HVUT Helps Level the Playing Field
The need for road surface maintenance is greatly attributable to the heaviest vehicles. Based on the findings of the American Association of State Highway Officials (AASHO) road test, damage caused by heavy trucks was long thought to increase with approximately the fourth power of the axle load. This means that one axle of 10 tons on a heavy truck was 160,000 times more damaging to a road surface than an axle of 0.5 tons (car scale).
In recent years, however, it was determined that the relationship between axle weights and pavement damage is complex and varies based on numerous variables, including environmental factors, type of terrain and roadway design. The National Pavement Cost Model (NAPCOM), which is the pavement model currently used by FHWA, estimates that for some types of pavement deterioration, doubling the axle load causes 15 to 20 times as much damage; for other types of deterioration, doubling the load only doubles the damage.
The U.S. Department of Transportation in its most recent Highway Cost Allocation Study estimated that light single-unit trucks, operating at less than 25,000 pounds, pay 150 percent of their road costs while the heaviest tractor-trailer combination trucks, weighing over 100,000 pounds, pay only 50 percent of their road costs.3
The volume of truck freight has grown significantly over the past few decades. Between 1975 and 1995, domestic intercity tonnage carried by trucks grew 52 percent over a fairly static system of highways. Looking forward, the freight tonnage carried by trucks is expected to increase 50 percent between 2002 and 2035.4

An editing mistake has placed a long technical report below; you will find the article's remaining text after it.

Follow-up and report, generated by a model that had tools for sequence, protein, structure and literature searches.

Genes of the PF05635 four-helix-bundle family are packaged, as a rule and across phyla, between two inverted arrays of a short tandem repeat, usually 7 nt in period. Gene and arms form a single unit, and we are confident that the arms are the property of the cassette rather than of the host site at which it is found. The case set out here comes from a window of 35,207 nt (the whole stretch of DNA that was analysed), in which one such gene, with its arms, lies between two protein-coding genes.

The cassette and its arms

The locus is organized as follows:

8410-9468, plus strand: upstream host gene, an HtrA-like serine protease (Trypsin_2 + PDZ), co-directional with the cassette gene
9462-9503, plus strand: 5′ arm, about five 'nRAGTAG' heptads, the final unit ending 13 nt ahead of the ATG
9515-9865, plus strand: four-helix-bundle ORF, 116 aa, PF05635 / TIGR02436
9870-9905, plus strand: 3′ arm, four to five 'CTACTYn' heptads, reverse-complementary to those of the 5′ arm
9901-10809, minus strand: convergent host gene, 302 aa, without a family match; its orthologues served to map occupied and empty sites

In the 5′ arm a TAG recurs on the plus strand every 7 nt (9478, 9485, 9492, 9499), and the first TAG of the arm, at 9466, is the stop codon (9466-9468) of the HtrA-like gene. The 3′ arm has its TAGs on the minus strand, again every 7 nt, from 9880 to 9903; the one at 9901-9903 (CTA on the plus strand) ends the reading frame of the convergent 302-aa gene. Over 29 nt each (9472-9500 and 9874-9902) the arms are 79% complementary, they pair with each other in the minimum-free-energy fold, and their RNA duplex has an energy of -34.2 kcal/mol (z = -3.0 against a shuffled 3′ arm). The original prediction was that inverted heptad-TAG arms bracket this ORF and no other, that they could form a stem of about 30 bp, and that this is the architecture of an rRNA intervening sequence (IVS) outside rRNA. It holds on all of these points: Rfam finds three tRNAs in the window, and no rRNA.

The HVUT levels the playing field by ensuring that operators of heavy trucks pay a little more for the highway network relative to the motorists and light trucks who meet their responsibility through other forms of taxes (e.g., registration fees, motor fuel taxes) but do less damage to the system.
HVUT Generates Billions for the HTF
The HVUT is a significant source of transportation funding in the U.S. In 2008 alone, the HVUT generated more than $1.0 billion in Federal HTF revenue.
Figure 1 demonstrates historic collections associated with the HVUT. The figure highlights three time periods of interest: 1984–85, 2001 and 2006. In 2001, HVUT receipts slumped due to the sagging economy and its impact on the motor carrier industry. In recent years, the HVUT has rebounded due to economic growth and the incentive to pre–buy or purchase trucks prior to 2007 to avoid the new EPA emissions rule. In 2006, HVUT revenue represented approximately 4.2 percent of total revenue deposited in the Highway Account of the Federal HTF.5
Figure 1 also underscores the importance and potential payoff associated with strong enforcement. On July 1, 1984, HVUT rates were raised to their current levels. Not surprisingly, fiscal year (FY) 1985 HVUT revenues grew by nearly $200 million. On October 1, 1985, states were required to verify proof of payment as a condition of registering heavy trucks subject to the HVUT. In the year following introduction of this enforcement measure, HVUT revenues grew by an additional $154 million, representing an increase of nearly 41 percent.
3Federal Highway Administration, 1997 Federal Highway Cost Allocation Study, Washington, DC, 1997.
4Federal Highway Administration, Freight Facts and Figures 2006, Washington, DC, 2006.
5Federal Highway Administration, Highway Statistics, Table FE–9, 1996–2006, Table FE–209, Federal Highway Statistics, Summary to 1995. Washington, DC.